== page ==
Simplicity 1798, 40s Inspired Surplice Dress with Single Collar

S1798 Thumbnail

Simplicity 1798 is a Project Runway pattern, so it has all kinds of crazy options, but one of the illustrations shows the surplice bodice with a collar only on the outer half of the bodice.  Pleasing asymmetry is ridiculously difficult for me to envision, but since they had done the work for me it caught my eye. I used a wool from The Carol Collection and accented it with one of the Vera Wang silk/rayon blends from's $1.99/yd blowout in January 2010.  Coupled with my $1.99/yd Fabric Mart lining, this dress is a lot of bang for very little buck.
I started the alterations by shortening the skirt 2 inches, and still had a very generous two inch hem allowance.  I've shortened it another 3/4" for the next time.

Shave Off Curve for SBA

The side front bodice is *very* shaped.  I shaved off a bit of the curve for my small bust before sewing and it fit fine around the curve of the bust.  However, it was quite puffy above the bust.  I mean, I'm not saying they're where they were when I was 18, but they are not that low.  So beware that the fullest part of the pattern may not be at the fullest part of your bust.  I resewed the seam 1/4" deeper (for a total of 1/2"removed) from the fullness of my bust, tapering to nothing at the armscye.  The bust is still a squidge generous for me, but it is not noticeable to even a close observer.  I also shortened the front crossover for my small bust to prevent gaping.

Split Swayback Adjustment Between Bodice and Skirt

So as not to narrow the midriff, I split the swayback adjustment between the bodice and the skirt.  I ended up with a really nice fit.

The fabric is really interesting.  On one side the weave shows horizontal stripes, and on the other side it shows vertical stripes.  I suspect that the horizontal stripes is the "right" side, but I preferred the vertical stripes for elongation.  I used the horizontal striped side of the fabric for the midriff, to increase the hourglass illusion.  It's quite subtle, though--I doubt anyone will ever notice!

The only thing I don't like about a surplice bodice dress is that you can't line it in the traditional way.  The neckline must be finished and the bodice before attaching to the midriff/skirt, as the front bodice pieces overlap.  Normally, I just treat the bodice lining as flatlining at the center back zipper in this instance.  It's not beautiful but it works.  But this wool is somewhat scratchy, as it's more of a jacket texture than a dress texture, and I didn't want to risk having it irritate my skin.

I started by constructing and lining the bodice, stitching the lining to the neckline.  I had cut facings out of my fashion fabric, but decided that with the bulk and scratchiness I would just line to the edge.  I pressed it so that the fashion fabric overlays the lining by a good 1/8".

Grade Layers at Zipper Intersection

Sewing the lining and zipper presented some challenges.  First, this fabric is almost coat weight (and is certainly jacket weight).  I strongly prefer invisible zippers, but thick seams are a challenge for them to get through.  I severely graded my seam allowances at the midriff bodice and skirt seams.  Thank goodness it worked!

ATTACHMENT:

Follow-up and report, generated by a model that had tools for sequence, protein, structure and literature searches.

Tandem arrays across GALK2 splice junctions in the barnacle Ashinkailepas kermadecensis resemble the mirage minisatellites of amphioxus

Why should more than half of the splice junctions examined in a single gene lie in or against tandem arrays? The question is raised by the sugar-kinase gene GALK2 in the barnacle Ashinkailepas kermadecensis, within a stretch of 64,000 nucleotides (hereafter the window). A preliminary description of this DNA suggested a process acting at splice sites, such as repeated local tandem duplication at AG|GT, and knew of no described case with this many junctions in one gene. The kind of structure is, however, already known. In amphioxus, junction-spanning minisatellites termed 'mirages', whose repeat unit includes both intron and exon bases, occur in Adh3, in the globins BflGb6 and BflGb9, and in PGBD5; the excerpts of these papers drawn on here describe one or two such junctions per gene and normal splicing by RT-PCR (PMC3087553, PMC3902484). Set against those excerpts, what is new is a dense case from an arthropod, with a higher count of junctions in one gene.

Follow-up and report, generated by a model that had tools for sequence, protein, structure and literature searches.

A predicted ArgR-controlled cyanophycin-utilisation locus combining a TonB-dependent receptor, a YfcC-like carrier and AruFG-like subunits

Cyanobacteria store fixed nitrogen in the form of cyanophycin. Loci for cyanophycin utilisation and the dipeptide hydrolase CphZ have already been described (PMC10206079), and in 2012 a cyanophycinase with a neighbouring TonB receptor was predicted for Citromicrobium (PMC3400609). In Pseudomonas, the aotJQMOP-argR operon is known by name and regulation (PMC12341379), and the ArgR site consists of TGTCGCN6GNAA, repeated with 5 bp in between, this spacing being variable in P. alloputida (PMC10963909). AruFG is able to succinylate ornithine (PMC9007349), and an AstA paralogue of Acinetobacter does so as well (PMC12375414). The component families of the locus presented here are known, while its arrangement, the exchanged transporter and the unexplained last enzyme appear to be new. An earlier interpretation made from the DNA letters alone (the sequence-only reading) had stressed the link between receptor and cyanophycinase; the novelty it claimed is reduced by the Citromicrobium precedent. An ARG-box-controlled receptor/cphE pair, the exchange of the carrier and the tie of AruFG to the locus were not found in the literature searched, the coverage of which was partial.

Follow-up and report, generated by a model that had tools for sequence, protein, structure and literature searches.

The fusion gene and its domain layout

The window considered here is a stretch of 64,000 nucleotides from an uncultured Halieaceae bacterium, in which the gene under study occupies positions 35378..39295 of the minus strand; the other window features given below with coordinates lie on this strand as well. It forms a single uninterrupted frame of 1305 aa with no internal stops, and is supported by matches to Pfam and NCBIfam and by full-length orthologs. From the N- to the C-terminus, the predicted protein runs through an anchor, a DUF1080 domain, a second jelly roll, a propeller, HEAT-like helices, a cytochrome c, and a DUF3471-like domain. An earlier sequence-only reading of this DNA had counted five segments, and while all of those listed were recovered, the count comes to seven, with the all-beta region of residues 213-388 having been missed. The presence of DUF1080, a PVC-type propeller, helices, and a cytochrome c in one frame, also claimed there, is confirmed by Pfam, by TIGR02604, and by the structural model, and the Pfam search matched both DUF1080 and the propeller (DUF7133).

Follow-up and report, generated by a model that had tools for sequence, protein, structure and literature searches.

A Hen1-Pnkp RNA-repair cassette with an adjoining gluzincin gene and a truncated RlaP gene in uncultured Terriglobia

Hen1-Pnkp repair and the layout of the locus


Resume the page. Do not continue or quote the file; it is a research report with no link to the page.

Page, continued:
Leave Lining Free of Fashion Fabric at Midriff

Then came the challenge of lining. 
When sewing the bodice to the midriff, I layered as per usual:  The finished bodice with the fashion fabric and lining wrong sides together, midriff fashion fabric right sides with bodice fashion fabric, and midriff lining right sides with bodice lining.  I sewed this 4 layer sandwich to within 2 inches of the center back.  Then I separated the lining layers from the fashion fabric layers, and stitched the fashion fabric seam all the way to the end of the fabric at center back.

Lining Free From Fashion Fabric at Midriff

Then I separately completed the seam on the lining.  I turned the zipper opening edges of the lining in at the 5/8" seam allowance.  So the last two inches or so of the lining is free from the midriff seam allowance, but mostly the lining and bodice are sewn as one at the waist seam.

The skirt/midriff seam is sewn completely separately for the fashion fabric and the lining so that the lining hangs free.

Hand Stitch Lining to Zipper

After the dress was fully constructed, I turned the lining under at the center back seam, pinned over the zipper, and hand-stitched in place.  It looks like a real lining, even though it isn't (in the sense of not being an entirely separate dress joined only at the outer edges).

Hand Stitch Lining to Cuffs

I wanted to bring the satin accent in somewhere else, in addition to the collar, so I added cuffs.

To keep the sleeve lining in place, I hand stitched the sleeve lining to the cuff seam allowance.


I'm not sure this dress photographs as well as it looks (or at least as well as it feels), but it is sensational.  I love the vintage vibe, the single collar is a great detail I never would have thought of had Simplicity not illustrated it on the envelope, and the fit is incredibly spot on.  I can hardly believe this is a Big 4 pattern given how well it fits.  I feel very confident when I wear this for professional occasions--it is both totally my style and appropriately dressy, which is a hard combination to find.

All photos are here and the pattern review is here.


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